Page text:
We realized yesterday that we never discussed our pre-birth adoption experience. The waiting involved is so nerve-racking, I didn’t think I could stand to share it with others. We’re going to try to rewind and walk you through it from inexperienced eyes.
We were pregnant for a New York minute a half a dozen times, and know the feeling of carrying that hope of a little person around, unable to step away from that joy/fear for a minute. In some ways, it reminds me of being a singer: you can’t ever put our voice down either. Biological moms get to experience that presence for nine months, with all of the associated back pain, indigestion, hiccoughs, kicking and wiggling – in other words, the good and the bad. As the pregnancy progresses, the likelihood of a healthy pregnancy increases. After the birth, there’s usually only joy and the residual discomfort from having pushed a giant head through a tiny hole – something which both amazes and horrifies me, especially as I’ll likely never experience it myself. Keep in mind, I’m only talking pregnancy, as the exhaustion and elation of a newborn apply to bio and adopting parents equally.
As adoptive parents with a very early match (at 12 weeks this time), we get no such assurances or reminders. As the pregnancy progresses, so does the birth mom’s emotional state. Our likelihood of a successful adoption is as dependent upon the birthmom as it is the health of the baby. In fact, she can agree to the adoption and change her mind at any time before the birth and for a while after, depending on what state she’s in. For example, Utah and Florida sever parental rights at the signing as long as it’s 2 days after birth with no revocation, meaning once the papers are signed the transfer of custody is final excluding duress or fraud. (I find severing to be a horrid term for saying goodbye. It’s so graphic and probably comparable to what it feels like for the birth family, but it’s awful.) Other states work differently, and have a longer window before papers can be signed or a revocation period after during which the birth parents can change their minds. (To be honest, that terrifies me, and I’m relieved Florida doesn’t work that way. I’d rather the birthmom take her time and make sure she’s comfortable with her decision before signing than place the baby with us and take him or her back later.)
While some supportive friends find the uncertainty frustrating (as they watch me spin like a top), remember that it’s a baby we’re talking about. All of my pre-Tess planning went up in smoke the first minute I laid eyes on that dollar bill with legs and the prettiest eyes in the world. I really struggled with my changing priorities, finally deciding she needed me a little more at home at the expense of my ambitious career plans. Never saw that coming (Dave totally did.). Now imagine that you have this plan to let some other family parent your child for whatever reason. Could you honestly be sure of your decision until that child came into the world and that moment of goodbye arrived? You may be absolutely 100% convinced…and then not be able to follow through with it.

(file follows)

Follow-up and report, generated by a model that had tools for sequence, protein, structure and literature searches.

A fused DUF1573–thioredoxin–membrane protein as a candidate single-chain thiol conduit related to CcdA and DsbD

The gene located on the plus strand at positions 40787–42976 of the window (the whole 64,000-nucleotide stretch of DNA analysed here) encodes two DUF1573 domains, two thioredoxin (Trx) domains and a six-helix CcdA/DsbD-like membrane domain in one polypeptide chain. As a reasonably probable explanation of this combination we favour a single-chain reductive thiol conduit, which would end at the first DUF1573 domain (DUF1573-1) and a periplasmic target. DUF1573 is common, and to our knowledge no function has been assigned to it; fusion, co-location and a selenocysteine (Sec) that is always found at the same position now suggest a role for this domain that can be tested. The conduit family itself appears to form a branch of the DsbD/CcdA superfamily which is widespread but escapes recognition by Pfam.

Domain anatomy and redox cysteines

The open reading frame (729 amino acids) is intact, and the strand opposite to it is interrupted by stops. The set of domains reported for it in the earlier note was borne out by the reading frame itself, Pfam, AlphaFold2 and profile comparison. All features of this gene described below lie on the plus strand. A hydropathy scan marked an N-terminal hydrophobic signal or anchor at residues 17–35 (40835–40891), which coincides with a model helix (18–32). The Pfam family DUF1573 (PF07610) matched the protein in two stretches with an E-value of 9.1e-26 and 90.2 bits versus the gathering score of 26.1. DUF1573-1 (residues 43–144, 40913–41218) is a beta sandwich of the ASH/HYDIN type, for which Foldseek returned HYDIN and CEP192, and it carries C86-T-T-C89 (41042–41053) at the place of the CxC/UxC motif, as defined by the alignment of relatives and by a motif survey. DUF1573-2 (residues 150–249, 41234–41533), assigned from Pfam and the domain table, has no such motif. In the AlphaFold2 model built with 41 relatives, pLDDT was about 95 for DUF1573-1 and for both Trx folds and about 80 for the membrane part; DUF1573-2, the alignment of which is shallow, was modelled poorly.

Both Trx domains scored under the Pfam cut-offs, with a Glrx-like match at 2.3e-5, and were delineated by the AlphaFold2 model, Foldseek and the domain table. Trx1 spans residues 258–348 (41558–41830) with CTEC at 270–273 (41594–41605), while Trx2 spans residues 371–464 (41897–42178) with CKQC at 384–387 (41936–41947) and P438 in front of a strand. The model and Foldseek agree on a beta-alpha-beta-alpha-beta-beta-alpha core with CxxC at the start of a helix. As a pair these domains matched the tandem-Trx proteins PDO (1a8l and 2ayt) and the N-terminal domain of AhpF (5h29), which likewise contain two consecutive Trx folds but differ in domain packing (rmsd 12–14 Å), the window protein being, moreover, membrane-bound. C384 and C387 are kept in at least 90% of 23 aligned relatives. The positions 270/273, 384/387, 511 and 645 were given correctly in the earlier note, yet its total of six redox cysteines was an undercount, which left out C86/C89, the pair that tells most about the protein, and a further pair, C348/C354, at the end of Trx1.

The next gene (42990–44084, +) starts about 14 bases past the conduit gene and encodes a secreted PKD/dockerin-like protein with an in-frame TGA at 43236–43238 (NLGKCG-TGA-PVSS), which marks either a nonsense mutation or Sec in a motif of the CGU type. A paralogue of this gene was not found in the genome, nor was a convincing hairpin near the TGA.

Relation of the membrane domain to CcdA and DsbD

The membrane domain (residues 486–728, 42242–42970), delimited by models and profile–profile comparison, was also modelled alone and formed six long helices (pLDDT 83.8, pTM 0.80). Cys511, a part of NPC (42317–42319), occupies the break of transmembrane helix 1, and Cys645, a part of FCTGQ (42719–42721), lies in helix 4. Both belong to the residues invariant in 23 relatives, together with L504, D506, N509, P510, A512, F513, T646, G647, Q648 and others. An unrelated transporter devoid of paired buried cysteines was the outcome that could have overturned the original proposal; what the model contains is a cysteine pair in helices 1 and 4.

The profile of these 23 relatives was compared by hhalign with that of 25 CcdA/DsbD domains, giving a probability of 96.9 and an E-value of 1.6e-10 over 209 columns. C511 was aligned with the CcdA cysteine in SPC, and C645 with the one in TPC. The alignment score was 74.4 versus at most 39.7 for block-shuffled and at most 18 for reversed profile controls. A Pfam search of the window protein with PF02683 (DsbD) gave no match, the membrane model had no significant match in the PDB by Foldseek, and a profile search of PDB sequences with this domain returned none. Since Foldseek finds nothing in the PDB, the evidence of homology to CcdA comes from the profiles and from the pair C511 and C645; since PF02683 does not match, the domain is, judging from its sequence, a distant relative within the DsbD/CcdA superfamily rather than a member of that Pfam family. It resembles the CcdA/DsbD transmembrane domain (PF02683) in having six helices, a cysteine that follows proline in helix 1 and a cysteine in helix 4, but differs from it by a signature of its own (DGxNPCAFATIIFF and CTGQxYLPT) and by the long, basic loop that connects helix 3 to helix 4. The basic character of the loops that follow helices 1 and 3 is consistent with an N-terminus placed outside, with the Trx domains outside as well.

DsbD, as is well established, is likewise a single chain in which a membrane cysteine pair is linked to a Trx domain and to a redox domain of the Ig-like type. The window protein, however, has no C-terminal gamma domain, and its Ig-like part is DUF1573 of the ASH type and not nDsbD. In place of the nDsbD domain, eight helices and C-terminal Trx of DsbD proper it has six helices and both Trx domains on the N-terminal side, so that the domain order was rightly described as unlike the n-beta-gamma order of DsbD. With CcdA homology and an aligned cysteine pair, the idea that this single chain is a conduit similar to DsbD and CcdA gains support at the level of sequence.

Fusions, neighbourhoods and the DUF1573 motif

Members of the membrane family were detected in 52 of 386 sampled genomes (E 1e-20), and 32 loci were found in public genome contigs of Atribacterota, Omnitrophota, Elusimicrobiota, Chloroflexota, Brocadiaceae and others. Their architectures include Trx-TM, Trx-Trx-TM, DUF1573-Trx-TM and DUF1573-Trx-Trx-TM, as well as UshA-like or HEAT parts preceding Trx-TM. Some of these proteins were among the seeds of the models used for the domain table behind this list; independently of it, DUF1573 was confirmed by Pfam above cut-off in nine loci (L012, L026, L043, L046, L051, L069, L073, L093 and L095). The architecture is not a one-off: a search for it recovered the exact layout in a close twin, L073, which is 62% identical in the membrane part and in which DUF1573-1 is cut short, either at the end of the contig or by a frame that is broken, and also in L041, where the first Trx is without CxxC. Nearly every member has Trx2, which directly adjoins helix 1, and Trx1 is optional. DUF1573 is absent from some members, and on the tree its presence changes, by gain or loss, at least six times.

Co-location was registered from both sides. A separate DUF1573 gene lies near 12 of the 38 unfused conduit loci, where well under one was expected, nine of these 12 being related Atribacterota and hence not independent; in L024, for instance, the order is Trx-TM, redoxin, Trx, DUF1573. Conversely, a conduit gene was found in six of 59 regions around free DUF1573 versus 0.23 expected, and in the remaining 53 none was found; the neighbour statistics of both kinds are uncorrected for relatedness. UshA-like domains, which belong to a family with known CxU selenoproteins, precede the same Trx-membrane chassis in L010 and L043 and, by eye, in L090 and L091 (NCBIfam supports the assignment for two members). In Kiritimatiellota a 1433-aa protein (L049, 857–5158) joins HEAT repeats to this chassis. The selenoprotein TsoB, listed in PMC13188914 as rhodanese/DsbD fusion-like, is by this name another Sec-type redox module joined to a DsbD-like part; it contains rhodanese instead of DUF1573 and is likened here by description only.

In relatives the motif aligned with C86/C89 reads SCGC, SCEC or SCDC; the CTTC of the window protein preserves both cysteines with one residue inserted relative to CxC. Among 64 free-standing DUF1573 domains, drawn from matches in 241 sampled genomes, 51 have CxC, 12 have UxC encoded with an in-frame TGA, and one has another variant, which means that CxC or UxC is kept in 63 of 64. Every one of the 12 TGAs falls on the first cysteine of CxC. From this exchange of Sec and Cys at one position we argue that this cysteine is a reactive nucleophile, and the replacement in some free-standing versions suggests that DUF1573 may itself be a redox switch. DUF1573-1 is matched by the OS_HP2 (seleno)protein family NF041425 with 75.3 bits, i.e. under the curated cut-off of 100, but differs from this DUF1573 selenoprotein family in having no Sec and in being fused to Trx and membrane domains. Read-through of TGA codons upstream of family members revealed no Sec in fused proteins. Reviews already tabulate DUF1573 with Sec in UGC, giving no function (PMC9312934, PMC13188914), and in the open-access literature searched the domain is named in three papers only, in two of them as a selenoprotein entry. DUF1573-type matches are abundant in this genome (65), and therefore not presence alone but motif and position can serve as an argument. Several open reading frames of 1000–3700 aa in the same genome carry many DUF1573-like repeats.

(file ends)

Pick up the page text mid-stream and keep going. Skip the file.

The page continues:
I think most disruptions play out that way; not as scams or out of cruelty, but out of love. Someone will always find a way to play the system, and there are plenty of scammers out there – I’m just saying I don’t think it’s anywhere near as frequent as people think. So disruption = adoptive parents’ heartbreak, but isn’t a horrible thing; just hard. As the weeks go by and we get closer to Baby 2 coming home, our joy and worry grow in equal measure – because you just never know what will happen in this crazy world.
Good agencies help, and have lower disruption rates. This correlates with available counseling, birthmom support, handholding and respect for a woman going through a monumental life crisis. I beg all potential adoptive parents to ask agencies you’re considering about how they support their moms. By working with agencies who help these moms, we support a healthier adoption process that leaves all parties in a stronger place. Our current agency offers counseling, scholarships, guidance, accompanies/drives birthmoms to medical appointments, and most importantly, has caring employees. One of the social workers spent the whole day making sure K’s daughter had a fun day while her mom focused on the adoption stuff, down to trying to find her a Santa train ride. Adoption is hard enough; the more people with heart, the better. We got to hang out with K and K2 a little more our last day in Florida. So fun to get to know them better, and such a relief!
So…we wait. 22 weeks in and counting! K feels great, though also like the punching bag at the gym since this boy is a kicker. Dave and I are picking out names for a little man, the first Oplinger boy of this generation. (Tess’ cousins are Hulls.) Tess is growing, and is on her way to being a big sister. I’m shopping for a bigger car and another crib. We don’t have a baby bump, so only the people we choose to tell know we’re expecting. That’s a bit odd, but lets us relive the joy of telling over and over again. And that pre-baby excitement is now in full force. 🙂